When YouTube allowed its most loyal users the ability to upload videos that were longer than the previous 15-minute limit, general consensus was that viewers would be able to watch independent films, podcasts, talks and seminars, or live blogs , without having to navigate through a manifold number of successive posts. Of course, the reality didn't quite correspond to the ideal. User TehN1ppe was among the first to create the specifically internet-based phenomenon of the marathon video, a concept that highlights the ludicrous extent to which the web is a powerful user-led multimedia resource. In the first exhibition of its kind, our online museum tank.tv curates a selection of these looped videos this autumn.
Quite simply, TehN1ppe's videos are short animations or films, typically lasting a few seconds, which are looped into a 10-hour post. Representing the most phatic elements of the world wide web itself, these videos are repetitive and irritating. TehN1ppe has uploaded forty-seven such videos to his YouTube channel, with a combined duration of more than four hundred and seventy hours. In total, these videos have been viewed over one hundred and sixty five million times.
Only known by username - it remains a mystery if "it" is a he, she or bot - TehN1ppe is identified with the remix culture that typifies 21st century digital media. These are original works, insofar as they are derivative adaptations of miniscule elements of contemporary culture. "Mortal Kombat theme", "Epic Sax Guy", "Retarded Horse & Batman on Drugs", "Taking the Hobbits to Isengard", "Manwhore song" or, "Guile Theme Goes With Everything - KFC Commercial" - all these are transitory moments within internet meme culture.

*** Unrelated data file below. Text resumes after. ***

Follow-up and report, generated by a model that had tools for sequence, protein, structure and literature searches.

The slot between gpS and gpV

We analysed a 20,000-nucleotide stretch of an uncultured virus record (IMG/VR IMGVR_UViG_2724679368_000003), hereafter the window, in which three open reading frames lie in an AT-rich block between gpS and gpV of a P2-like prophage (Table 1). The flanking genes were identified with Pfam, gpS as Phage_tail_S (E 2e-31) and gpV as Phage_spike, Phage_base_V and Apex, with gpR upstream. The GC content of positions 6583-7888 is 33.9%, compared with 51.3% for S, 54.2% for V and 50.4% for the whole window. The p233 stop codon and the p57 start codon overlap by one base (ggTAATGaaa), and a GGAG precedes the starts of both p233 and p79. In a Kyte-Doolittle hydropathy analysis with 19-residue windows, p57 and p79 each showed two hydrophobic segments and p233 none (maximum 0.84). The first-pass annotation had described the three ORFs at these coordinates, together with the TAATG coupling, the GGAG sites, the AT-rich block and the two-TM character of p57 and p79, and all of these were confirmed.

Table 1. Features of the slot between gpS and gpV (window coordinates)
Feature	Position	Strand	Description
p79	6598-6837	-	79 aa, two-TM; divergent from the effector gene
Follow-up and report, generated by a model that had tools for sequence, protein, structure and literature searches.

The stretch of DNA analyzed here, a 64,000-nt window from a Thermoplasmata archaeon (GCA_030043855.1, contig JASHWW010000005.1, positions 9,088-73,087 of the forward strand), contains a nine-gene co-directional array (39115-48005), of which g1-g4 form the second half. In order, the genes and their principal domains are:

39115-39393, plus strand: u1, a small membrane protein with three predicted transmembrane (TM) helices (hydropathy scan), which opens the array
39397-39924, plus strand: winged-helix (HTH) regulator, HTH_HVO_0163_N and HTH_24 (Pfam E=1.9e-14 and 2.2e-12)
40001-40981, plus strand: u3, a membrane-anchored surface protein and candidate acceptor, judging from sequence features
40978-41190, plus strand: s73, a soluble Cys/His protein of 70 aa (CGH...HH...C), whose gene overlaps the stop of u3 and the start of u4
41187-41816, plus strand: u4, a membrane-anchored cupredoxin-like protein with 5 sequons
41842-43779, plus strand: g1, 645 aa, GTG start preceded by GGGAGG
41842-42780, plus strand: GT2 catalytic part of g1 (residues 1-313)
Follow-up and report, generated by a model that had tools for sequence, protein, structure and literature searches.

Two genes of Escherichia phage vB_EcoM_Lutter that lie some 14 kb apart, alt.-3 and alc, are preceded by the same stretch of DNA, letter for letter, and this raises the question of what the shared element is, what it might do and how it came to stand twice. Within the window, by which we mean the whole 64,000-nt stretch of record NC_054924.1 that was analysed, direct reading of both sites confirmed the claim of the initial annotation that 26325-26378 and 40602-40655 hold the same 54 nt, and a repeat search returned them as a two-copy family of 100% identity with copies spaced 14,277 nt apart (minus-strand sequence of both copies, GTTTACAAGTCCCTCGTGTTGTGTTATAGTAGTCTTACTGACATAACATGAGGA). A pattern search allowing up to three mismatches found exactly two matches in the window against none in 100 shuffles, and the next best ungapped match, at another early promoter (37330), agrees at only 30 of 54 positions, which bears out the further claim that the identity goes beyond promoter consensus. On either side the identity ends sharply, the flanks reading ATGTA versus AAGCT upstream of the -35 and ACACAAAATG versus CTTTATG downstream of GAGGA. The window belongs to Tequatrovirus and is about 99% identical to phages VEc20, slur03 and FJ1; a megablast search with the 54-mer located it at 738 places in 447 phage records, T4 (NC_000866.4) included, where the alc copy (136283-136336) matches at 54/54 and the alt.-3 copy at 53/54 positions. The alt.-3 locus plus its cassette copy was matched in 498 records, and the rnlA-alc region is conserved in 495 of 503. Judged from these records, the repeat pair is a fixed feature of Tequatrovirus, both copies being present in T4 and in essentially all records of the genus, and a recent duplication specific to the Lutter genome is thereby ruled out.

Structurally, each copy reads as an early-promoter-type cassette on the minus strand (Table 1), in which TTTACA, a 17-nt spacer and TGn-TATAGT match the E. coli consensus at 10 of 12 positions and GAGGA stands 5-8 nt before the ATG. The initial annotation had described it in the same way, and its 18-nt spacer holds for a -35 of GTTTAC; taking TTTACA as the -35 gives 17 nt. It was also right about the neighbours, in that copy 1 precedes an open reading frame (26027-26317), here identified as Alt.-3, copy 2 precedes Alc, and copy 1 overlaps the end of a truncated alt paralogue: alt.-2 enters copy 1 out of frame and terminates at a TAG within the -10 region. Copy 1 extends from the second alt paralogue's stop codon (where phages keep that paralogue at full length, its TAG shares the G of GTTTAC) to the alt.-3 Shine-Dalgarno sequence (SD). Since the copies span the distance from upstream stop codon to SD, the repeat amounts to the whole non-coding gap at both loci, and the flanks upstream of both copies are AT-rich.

By taking these films out of their usual context, tank.tvlook to address questions of creation, copyright and ownership, and what the web has built that allows such unique authorship. TehN1ppe is currently banned from creating any more new videos until a substantial copyright issue is resolved. In true web style, the exhibition takes the mantle of free-to-air distribution and places it in the hands of the artist. It is that unwitting element of contemporary culture that is the future of postmodernism: fragments of pop, expanded until they explode. §
Ten Hour YouTube is showing on tank.tv from September to November.